Corvette restoration receipts aren’t only for your tax return
Corvette Restoration & Repair Receipts
Most Corvettes actually do spend their early life as a form of daily transport. The possible documentation from this time period will include the standard receipts: oil changes, tire rotation, minor repairs, and the like. If you saved these- great. Detailed maintenance records demonstrate a well cared for car. No one wants to buy a mistreated Corvette.
This changed abruptly in 1978 when the public first recognized Corvettes as a long-term investment. The 1978 Indianapolis 500 Pace Car was a huge success. Long-time Corvette fans loved it and so did the public. Chevrolet originally planned on a quantity of 300 to honor the number of Corvettes produced in 1953. Demand was so high that Chevy eventually built over TWENTY times that amount. As a result, Chevrolet produced 6,502- one for every dealer in the US along with some extras.
Every Corvette has had some “work” done to it, from a quick paint repair to a full-blown state-of-the-art Bloomington Gold restoration. Receipts from Corvette parts companies are especially useful to document the effort (and quality!) put into restoring or repairing your Corvette. Was the Corvette restored using parts purchased from Keen Parts or Pep Boys? You bet that detail will matter to the future owner!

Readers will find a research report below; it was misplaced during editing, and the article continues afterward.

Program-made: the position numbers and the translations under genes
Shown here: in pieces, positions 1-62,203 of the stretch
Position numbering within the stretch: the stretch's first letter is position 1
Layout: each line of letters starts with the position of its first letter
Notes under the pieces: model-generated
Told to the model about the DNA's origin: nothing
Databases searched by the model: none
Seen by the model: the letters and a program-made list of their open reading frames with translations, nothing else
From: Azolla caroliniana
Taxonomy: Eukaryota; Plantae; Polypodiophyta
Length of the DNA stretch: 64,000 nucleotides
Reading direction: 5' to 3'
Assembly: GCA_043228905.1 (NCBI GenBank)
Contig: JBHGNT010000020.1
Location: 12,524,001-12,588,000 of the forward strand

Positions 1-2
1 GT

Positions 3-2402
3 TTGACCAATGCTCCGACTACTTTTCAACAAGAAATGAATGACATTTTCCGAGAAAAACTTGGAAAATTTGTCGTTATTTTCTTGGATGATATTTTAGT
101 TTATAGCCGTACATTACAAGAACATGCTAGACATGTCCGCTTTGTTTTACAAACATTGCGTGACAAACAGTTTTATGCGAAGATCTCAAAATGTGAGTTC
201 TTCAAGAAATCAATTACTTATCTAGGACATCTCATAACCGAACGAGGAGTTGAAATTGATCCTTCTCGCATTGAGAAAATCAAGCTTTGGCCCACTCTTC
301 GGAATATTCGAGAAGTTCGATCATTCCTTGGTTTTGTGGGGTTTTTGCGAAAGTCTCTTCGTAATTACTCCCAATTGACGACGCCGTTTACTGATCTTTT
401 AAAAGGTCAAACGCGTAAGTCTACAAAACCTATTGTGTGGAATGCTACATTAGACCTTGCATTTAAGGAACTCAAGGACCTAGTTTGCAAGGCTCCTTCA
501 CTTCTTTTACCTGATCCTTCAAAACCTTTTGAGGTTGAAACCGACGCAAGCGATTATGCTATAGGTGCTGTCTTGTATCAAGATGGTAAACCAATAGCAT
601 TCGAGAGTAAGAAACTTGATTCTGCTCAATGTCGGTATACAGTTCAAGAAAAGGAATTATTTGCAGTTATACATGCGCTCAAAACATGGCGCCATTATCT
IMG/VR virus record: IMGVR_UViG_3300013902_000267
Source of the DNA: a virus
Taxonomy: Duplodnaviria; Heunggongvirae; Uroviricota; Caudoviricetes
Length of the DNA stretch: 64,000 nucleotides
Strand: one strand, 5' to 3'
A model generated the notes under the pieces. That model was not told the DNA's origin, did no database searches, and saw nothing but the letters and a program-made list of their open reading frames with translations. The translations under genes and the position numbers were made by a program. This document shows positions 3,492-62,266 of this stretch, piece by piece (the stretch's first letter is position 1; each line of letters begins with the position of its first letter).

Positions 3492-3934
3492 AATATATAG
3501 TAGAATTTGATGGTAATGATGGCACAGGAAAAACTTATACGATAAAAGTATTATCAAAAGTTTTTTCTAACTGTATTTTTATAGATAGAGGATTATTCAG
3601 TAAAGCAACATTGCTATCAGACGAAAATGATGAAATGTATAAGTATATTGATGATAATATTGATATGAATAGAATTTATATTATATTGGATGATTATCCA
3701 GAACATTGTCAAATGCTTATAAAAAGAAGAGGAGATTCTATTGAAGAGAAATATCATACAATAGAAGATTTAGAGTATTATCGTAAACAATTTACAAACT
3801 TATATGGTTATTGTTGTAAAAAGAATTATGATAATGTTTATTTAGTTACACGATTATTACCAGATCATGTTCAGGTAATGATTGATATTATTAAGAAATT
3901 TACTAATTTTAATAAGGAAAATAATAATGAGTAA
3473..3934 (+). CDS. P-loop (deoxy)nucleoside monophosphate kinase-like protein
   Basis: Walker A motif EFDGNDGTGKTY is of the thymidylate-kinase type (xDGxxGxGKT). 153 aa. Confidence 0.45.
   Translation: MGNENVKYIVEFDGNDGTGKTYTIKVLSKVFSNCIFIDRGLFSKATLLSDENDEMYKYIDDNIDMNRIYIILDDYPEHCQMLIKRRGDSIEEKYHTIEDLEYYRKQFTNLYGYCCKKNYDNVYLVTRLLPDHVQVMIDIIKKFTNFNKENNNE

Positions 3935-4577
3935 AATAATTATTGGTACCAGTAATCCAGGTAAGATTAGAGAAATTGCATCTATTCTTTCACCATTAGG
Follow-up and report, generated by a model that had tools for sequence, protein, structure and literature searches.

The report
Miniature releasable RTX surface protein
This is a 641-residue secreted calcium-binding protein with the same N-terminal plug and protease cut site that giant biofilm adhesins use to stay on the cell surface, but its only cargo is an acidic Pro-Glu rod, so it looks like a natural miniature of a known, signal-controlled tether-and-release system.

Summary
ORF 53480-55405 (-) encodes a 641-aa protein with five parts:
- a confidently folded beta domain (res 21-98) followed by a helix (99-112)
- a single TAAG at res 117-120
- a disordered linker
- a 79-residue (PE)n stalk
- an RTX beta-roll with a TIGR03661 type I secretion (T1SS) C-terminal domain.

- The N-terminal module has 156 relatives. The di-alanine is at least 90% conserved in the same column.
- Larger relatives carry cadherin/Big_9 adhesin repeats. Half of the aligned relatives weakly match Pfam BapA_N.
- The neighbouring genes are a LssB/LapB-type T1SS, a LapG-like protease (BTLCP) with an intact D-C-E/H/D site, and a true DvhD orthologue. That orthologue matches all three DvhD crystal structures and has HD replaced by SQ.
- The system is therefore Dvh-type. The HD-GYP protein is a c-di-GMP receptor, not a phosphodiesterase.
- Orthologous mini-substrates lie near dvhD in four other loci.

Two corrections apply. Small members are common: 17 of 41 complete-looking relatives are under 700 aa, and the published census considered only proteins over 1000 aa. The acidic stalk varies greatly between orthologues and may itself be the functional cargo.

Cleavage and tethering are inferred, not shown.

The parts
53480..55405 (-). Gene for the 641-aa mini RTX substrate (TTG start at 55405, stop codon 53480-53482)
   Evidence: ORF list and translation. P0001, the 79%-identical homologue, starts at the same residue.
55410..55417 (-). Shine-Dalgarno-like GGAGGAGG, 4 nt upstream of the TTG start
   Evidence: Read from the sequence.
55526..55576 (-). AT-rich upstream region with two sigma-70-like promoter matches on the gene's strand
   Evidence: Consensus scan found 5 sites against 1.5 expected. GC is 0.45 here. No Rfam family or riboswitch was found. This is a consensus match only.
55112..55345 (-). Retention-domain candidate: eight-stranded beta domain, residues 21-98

…and after the professionals are finished.
Take advantage of the knowledge and reputation of a professional shop
Did a professional restorer work on your Corvette? Be sure to gather all those receipts. It’s extremely likely that they documented your Corvette’s restoration through hundreds (thousands?) of digital images and likely even some videos. Be sure to make copies and keep them in a safe place!
If there was something unusual discovered while under restoration, be sure to also get that documented. Dismantling and stripping a car will reveal all the secrets. Some good: some bad. People called me and I was able to confirm that their car was a rare color. Another called and we determined that their car was definitely NOT as advertised. Tell the restorer about any unusual aspects you noticed. A frame-off restoration is an ideal time for a trained, experienced professional to confirm and document your suspicions for future owners. Some of the detective work is so difficult and the car or options so rare that they might invite other professionals with more experience for confirmation. There could be that much money on the line.
Professional Corvette restoration shops survive based on their reputation. Document any important details they find on their company letterhead and have it notarized, if possible.
A Corvette expert studied this and made an amazing find
The next blog article will discuss the “Holy Grail” – paperwork straight from the General!